Bernie Sanders Calls Israel's Netanyahu a 'Reactionary Racist', Says He'd Consider Moving Embassy Back to Tel Aviv

Senator Bernie Sanders called Israeli Prime Minister Benjamin Netanyahu a "reactionary racist" during the Democratic primary presidential debate on Tuesday.

Sanders made the comment after he was asked a question about criticism from some fellow Jews who say he is not supportive enough of Israel and fear that he would move the U.S. embassy in Israel back to Tel Aviv. The Trump administration controversially moved it to Jerusalem in 2018.

"The answer is it's something we would take into consideration," said Sanders. "But here's the point, I am very proud of being Jewish. I actually lived in Israel for some months. But what I happen to believe is that right now sadly, tragically in Israel through Bibi Netanyahu, you have a reactionary racist who is now running that country."

Sanders went on to explain that he feels Netanyahu has caused suffering for Palestinians, while insisting that supporting Israel is also a priority despite what he may think of their prime minister.

"I happen to believe that what our foreign policy in the Middle East should be about is absolutely protecting the independence and security of Israel," Sanders said. "But you cannot ignore the suffering of the Palestinian people."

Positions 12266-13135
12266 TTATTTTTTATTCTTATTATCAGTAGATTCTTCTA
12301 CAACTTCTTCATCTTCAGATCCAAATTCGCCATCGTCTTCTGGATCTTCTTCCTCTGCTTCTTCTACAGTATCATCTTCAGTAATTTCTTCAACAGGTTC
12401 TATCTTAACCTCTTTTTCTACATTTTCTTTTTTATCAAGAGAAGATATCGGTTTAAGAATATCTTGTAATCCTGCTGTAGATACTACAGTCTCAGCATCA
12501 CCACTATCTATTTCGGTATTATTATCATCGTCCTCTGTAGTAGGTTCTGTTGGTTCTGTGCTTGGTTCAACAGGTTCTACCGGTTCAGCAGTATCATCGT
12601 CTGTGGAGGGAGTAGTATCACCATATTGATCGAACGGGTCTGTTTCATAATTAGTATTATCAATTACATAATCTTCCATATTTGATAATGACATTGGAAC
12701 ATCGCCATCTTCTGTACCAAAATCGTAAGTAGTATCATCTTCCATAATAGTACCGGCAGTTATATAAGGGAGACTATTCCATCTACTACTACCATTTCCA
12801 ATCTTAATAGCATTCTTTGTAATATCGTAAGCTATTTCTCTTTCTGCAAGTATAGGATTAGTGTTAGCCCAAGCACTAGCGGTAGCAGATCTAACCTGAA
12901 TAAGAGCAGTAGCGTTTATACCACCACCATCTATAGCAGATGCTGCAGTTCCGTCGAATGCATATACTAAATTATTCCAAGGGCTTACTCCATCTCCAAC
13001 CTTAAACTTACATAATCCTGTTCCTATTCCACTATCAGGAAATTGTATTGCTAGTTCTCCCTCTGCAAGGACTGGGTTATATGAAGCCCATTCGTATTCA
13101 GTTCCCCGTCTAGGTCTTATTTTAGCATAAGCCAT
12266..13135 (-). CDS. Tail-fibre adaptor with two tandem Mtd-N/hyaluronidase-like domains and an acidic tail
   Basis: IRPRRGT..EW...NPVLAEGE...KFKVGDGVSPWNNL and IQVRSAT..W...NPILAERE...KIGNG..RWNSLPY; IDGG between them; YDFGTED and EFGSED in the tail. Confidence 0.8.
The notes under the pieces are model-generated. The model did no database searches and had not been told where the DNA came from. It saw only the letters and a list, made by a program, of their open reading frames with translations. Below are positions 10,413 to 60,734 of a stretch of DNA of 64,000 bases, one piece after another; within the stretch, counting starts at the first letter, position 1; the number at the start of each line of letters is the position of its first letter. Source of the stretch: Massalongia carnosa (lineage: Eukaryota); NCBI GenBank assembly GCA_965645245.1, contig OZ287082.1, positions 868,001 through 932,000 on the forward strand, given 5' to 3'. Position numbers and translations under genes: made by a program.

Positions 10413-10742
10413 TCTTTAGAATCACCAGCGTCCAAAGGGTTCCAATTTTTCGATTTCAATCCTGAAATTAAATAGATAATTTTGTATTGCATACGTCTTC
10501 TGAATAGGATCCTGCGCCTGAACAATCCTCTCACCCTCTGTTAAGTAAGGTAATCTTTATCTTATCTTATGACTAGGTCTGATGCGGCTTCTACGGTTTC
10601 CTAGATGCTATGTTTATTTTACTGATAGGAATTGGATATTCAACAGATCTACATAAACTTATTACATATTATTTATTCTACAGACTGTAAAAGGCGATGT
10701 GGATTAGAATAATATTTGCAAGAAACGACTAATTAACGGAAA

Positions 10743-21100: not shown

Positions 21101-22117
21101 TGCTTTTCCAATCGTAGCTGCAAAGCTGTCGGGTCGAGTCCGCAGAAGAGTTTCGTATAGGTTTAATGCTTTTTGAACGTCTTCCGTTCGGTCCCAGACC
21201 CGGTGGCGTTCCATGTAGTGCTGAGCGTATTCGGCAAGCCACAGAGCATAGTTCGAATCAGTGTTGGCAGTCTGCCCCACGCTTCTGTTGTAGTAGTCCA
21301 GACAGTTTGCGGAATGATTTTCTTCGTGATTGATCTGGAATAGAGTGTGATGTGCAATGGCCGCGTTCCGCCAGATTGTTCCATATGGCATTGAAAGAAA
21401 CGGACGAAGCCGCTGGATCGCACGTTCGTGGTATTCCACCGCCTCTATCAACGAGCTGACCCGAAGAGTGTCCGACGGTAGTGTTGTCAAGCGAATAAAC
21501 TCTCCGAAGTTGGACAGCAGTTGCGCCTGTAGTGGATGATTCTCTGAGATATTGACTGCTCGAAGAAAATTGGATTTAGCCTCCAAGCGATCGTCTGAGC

"To answer your question," added Sanders "That [a decision on the embassy] will come within the context of bringing nations together in the Middle East."

Senator Bernie Sanders
Senator Bernie Sanders speaks during the Democratic presidential debate in Charleston, South Carolina on February 25, 2020. Win McNamee/Getty

The comments about Netanyahu prompted cheers from some in the crowd but are likely to elicit a more mixed response elsewhere.

Sanders has deemed Netanyahu a "racist" in the past, while expressing concerns over Israel's treatment of Palestinians.

Some worry that Sanders' position could ultimately undermine the strong relationship between Israel and the United States, which has taken place over the course of many decades through both Republican and Democratic administrations.

Immediately after the debate, the question itself was blasted by some progressive Jews who have critical views on Israeli government policies.

"Poll after poll shows that a majority of American Jews are highly critical of Israeli policies towards the Palestinians," said IfNotNow co-founder Dani Moscovitch in a statement. "[Debate moderator] Major Garrett's question tonight made an antisemitic and incorrect assumption."

If elected, Sanders would be the first Jewish U.S. president. Former New York City Mayor Mike Bloomberg, who is also Jewish, was asked to weigh in on the same issue immediately after Sanders gave his answer.

"Number one, you can't move the embassy back, we should not have done it without getting something from the Israeli government, but it was done, and you're gonna have to leave it there," said Bloomberg. "Number two, the only solution here is a two-state solution. The Palestinians have to be accommodated."

"The real problem is you have two groups of people here, both of whom believe that God gave them the same piece of land, and the answer is obviously to split it up," Bloomberg added.